Correction to: Person re-identification by the symmetric triplet and identification loss function
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Correction to: Multimed Tools Appl
The original version of this article unfortunately contained mistakes. The author has misspelled the word “symmetric” as “asymmetric” in the article title and some occurrences in the texts. The correct article title is presented above and the sentences should be corrected as the below:
Page 4: What’s more, in this paper, we have proposed a symmetric method to improve the training of the original triplet loss, where the distance between the different persons’ images are constructed by two anchor images instead of using only one anchor image.
Page 7: 3.3 Introduction of the symmetric triplet loss function.
Page 8: In summary, the symmetric triplet loss function is defined as follows:
Page 9: The objective function in (1) consists of two terms, the first is the proposed symmetric triplet loss function.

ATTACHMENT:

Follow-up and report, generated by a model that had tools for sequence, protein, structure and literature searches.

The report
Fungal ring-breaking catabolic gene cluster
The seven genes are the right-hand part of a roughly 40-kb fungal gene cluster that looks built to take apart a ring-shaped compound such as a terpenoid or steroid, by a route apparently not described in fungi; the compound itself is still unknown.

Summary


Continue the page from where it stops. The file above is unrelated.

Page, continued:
Page 9: Such that for the optimization process, we mainly focus on the symmetric triplet loss function. We have used the stochastic gradient decent algorithm to jointly train the proposed CNN architecture with the symmetric triplet loss and the identification loss function.
Page 11: • Variant 1 (denoted as OursT): We train the CNN models only with the symmetric triplet loss function.
• Variant 3 (denoted as OursTI): We train the CNN models with the joint symmetric triplet and identification loss function.
Page 11: By comparing the identification(center loss embedded softmax) loss with symmetric triplet loss, we have found that the triplet loss function is better than the identification (softmax) loss on iLIDS and Prid2011 datasets.
Page 14: Then we propose a new algorithm with the joint supervision of the symmetric triplet loss function and the center loss embedded softmax cost function. In this framework, the CNN architecture is trained with two supervision signals: first, the symmetric triplet cost aims to produce features that pulls the instances of the same person closer, and pushes the instances belonging to different persons far away from each other in the learned feature space.